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Archive for the ‘Travels’ Category

On Saturday we traveled to Big Bear, California (a town up in the mountains) to watch our son Devin, at age 31, race the Spartan – The Beast. This is a 13.1 mile race with 30 obstacles and almost 6,000 feet of elevation gain on the course. Read all about it here.

Here is the course – photographed the banner at the beginning of the race.

It takes place at the Big Bear ski area, and some of the trails follow the slopes. We were able to see him leave at the starting line, then take the ski lift to the top of the mountain and wait for him there on stations 10, 14 and 15.

Here is champion before the race:

And here is his pit crew:

From left to right (the parental units): Norbert, Jack, Devin, Mary and Trisha.

Here is the starting lineup. Notice, to get into the starting area you have to climb over a wall.

The voice you hear is that of the announcer, getting the crowd ready.

They released the participants in batches of up to 250 people every 15 minutes. They carry chips that track their individual times. Devin was in the last batch for the day, and there were only a few participants left at that time. Other starting waves were packed with people.

Here is a view of the start.

Off they go, up the mountain.

After they left, we made our way to the ski lift and went to the very top. Here is a view of Big Bear Lake, and some of the racers below us:

Once on the top, in the background you can see one of my favorite mountains. This is the peak of San Gorgonio, at 11,503 feet (3,506 meters) the highest mountain in Southern California. I have been on its top many a time over the years, and I have loved being there every time.

The two of us bundled up and waiting in the cold at the top:

Then I waited for Devin at Station 10. It was good to know he was the one with the neon-green leggings. I could see him coming from a distance. I could tell from his pace that he was faster than most people.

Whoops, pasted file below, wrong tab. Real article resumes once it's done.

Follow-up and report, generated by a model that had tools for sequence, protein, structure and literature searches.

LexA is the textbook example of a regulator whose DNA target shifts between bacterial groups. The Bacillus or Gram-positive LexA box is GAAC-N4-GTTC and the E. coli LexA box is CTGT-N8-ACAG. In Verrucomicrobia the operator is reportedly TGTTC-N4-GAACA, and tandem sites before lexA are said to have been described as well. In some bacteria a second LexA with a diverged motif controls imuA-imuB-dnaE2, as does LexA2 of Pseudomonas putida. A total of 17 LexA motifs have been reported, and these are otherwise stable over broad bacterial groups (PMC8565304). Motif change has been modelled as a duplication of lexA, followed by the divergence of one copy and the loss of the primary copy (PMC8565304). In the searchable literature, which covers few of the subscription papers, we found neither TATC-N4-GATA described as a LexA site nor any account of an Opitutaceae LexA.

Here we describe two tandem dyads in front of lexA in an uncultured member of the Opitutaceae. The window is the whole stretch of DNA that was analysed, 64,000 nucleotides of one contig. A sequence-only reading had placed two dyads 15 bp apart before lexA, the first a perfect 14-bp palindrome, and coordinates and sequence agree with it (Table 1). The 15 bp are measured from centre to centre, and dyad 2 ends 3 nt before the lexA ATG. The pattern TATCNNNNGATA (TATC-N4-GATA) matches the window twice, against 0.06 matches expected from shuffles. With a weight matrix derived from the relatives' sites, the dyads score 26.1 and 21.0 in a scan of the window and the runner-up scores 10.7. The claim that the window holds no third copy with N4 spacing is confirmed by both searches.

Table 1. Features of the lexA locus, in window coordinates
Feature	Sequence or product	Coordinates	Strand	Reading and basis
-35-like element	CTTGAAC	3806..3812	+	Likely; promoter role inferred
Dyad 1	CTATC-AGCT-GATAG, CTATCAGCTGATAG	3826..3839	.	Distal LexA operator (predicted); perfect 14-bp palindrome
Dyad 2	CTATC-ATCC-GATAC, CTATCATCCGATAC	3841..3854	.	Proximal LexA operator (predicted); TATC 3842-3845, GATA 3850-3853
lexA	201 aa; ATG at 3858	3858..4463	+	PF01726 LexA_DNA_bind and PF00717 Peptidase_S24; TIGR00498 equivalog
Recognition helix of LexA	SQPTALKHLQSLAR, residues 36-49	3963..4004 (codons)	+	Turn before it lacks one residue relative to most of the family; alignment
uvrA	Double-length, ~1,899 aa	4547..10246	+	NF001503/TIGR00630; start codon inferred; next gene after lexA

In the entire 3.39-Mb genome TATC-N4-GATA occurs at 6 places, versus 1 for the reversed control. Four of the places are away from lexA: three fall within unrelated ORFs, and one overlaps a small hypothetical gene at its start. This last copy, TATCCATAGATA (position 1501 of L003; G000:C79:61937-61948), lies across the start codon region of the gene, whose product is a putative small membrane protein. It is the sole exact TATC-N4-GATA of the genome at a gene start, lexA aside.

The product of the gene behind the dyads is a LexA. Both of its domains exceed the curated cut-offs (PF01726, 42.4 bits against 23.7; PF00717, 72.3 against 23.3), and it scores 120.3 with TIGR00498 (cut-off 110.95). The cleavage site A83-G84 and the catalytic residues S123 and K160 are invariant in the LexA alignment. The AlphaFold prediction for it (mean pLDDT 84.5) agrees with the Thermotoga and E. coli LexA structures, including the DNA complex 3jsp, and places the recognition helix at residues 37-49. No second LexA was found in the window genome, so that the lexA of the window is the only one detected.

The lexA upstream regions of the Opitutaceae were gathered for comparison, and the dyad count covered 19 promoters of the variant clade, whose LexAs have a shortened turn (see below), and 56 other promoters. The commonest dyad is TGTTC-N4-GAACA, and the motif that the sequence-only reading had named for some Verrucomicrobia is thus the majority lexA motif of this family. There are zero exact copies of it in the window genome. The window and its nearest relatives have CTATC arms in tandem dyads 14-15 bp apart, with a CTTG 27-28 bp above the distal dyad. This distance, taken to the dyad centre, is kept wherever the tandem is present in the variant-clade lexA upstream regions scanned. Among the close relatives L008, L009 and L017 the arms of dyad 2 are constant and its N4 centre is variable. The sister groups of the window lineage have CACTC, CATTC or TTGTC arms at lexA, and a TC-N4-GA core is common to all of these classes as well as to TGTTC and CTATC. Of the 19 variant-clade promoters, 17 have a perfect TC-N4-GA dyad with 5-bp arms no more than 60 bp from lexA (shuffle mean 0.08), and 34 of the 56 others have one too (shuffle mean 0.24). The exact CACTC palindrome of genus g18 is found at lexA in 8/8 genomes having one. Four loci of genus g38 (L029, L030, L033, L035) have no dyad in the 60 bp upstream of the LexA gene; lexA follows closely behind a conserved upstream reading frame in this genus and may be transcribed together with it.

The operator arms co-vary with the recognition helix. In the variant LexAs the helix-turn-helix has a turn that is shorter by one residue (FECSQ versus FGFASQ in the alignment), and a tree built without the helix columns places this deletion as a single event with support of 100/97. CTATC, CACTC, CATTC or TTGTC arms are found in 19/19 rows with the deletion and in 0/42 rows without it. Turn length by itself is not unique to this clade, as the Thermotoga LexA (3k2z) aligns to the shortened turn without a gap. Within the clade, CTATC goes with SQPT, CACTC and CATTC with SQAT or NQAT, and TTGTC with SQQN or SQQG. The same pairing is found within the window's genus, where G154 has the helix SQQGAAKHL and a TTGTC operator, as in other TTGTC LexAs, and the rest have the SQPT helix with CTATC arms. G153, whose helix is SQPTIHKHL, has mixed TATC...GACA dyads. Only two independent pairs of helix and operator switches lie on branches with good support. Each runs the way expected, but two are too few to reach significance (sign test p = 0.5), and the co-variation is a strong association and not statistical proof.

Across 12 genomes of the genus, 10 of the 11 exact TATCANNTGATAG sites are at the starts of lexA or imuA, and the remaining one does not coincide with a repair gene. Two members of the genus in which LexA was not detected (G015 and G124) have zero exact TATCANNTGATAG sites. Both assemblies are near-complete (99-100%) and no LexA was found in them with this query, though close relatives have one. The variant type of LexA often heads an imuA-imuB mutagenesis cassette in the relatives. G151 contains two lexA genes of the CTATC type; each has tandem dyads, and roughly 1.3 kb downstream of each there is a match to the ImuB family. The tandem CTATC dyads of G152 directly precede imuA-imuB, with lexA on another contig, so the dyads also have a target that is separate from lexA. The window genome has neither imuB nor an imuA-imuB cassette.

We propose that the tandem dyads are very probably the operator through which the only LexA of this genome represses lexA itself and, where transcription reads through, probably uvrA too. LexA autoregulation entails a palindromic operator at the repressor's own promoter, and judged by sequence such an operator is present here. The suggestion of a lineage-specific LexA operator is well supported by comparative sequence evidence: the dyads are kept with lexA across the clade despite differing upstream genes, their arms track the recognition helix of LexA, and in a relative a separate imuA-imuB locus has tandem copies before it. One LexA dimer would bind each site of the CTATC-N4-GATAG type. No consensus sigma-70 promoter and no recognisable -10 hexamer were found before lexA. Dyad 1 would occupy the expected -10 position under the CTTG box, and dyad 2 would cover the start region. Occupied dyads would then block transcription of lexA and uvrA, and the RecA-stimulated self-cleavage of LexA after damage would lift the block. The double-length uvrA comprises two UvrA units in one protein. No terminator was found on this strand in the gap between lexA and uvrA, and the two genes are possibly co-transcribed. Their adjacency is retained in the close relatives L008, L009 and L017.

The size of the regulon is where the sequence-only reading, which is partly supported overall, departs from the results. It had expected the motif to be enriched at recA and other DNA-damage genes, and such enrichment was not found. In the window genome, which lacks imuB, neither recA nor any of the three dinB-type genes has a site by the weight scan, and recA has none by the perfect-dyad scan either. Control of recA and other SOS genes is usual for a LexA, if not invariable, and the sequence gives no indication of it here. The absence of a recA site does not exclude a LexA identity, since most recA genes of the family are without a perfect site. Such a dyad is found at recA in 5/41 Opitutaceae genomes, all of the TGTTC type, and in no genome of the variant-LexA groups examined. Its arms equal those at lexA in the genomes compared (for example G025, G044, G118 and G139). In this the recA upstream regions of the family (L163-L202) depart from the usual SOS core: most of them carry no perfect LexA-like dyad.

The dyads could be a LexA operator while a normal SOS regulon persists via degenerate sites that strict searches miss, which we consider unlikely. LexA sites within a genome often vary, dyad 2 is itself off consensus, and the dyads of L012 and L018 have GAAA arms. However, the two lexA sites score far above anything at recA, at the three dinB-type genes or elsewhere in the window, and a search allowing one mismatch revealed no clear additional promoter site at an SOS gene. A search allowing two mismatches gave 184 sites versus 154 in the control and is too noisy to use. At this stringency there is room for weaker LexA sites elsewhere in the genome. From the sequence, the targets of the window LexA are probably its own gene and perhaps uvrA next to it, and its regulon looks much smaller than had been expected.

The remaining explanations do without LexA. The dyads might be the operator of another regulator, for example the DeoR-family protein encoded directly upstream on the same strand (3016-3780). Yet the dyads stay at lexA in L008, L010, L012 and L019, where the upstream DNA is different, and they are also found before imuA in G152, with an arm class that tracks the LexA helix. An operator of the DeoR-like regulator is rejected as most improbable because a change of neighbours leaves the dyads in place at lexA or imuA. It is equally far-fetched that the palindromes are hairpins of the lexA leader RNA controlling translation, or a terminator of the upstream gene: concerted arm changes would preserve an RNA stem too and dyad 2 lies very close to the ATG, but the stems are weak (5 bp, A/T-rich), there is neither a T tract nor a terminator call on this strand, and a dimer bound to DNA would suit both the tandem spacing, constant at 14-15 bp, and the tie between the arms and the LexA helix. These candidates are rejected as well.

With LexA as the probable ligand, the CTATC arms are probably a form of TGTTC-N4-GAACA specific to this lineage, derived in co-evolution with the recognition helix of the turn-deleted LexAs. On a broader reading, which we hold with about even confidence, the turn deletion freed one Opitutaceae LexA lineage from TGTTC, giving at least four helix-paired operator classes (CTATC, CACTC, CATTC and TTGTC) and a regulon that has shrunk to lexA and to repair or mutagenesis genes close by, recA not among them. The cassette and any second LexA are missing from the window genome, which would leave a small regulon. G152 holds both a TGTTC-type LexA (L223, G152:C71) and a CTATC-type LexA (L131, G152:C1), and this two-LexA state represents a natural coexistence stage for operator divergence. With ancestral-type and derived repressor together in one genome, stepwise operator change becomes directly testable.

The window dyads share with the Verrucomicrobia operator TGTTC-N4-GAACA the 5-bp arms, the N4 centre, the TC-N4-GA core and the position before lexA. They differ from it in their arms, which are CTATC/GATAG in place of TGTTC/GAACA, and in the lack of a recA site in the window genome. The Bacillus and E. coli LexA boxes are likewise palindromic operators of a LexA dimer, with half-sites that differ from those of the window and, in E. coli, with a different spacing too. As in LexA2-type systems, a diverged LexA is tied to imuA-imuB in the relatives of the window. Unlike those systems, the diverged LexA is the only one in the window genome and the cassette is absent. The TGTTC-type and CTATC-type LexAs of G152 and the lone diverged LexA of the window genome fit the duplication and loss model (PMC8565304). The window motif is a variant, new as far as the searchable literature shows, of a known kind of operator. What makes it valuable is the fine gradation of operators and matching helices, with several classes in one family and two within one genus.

At station 10 there is an 8-foot wall to climb over. Many people struggled with that wall, needed assistance up from fellow racers. Here is how Devin handled it:

After he dropped to the other side, I turned off the camera and ran around the wall, only to find him long gone, running up the hill. He was not waiting around for us spectators.

I was able to hike back up the mountain from 10 to 14, and Trisha and I waited for him there. It was freezing cold. The weather service had forecasted snow the next day. Good thing not today.

About 45 minutes later (see the map and the big loop on the left after station 10) he arrived at station 14, just as fresh and chipper as ever.

Station 10 had monkey bars to navigate. We watched many people struggle with these.

Judge for yourself on how Devin did on those. After he dropped off the monkey bars, he immediately ran away up the hill toward the next station, number 15. I went into a full sprint and ran up the hill on a side road, and I beat him to the top by just enough time to run over to the ropes and take this video:

After he dropped off he ran away. The picture below is the parting view.


We got back on the ski lift to make our way down into the valley. We had just enough time to go into the ski café, get a quick sandwich, before we needed to go back out and catch him at the finish. We ALMOST missed him. He was there as soon as we got out.

We were waiting for him at the mud bath pit, but missed him. This is what it looked like:

In the video below you can see him right after the mud bath (where they are completely in the water) making his way to the end. We missed the mud bath, so I have no video of it.

One of the last obstacles are the rings. Judge for yourself:

Here is Devin on the rings:

Then, finally, before the finish line, the barbed wire run.

I could hardly keep up with him taking the video.

Here is a pretty crappy sequence of him going through the finish line. I had to run around people to catch this, and my finger slipped over the lens a few times.

Victory!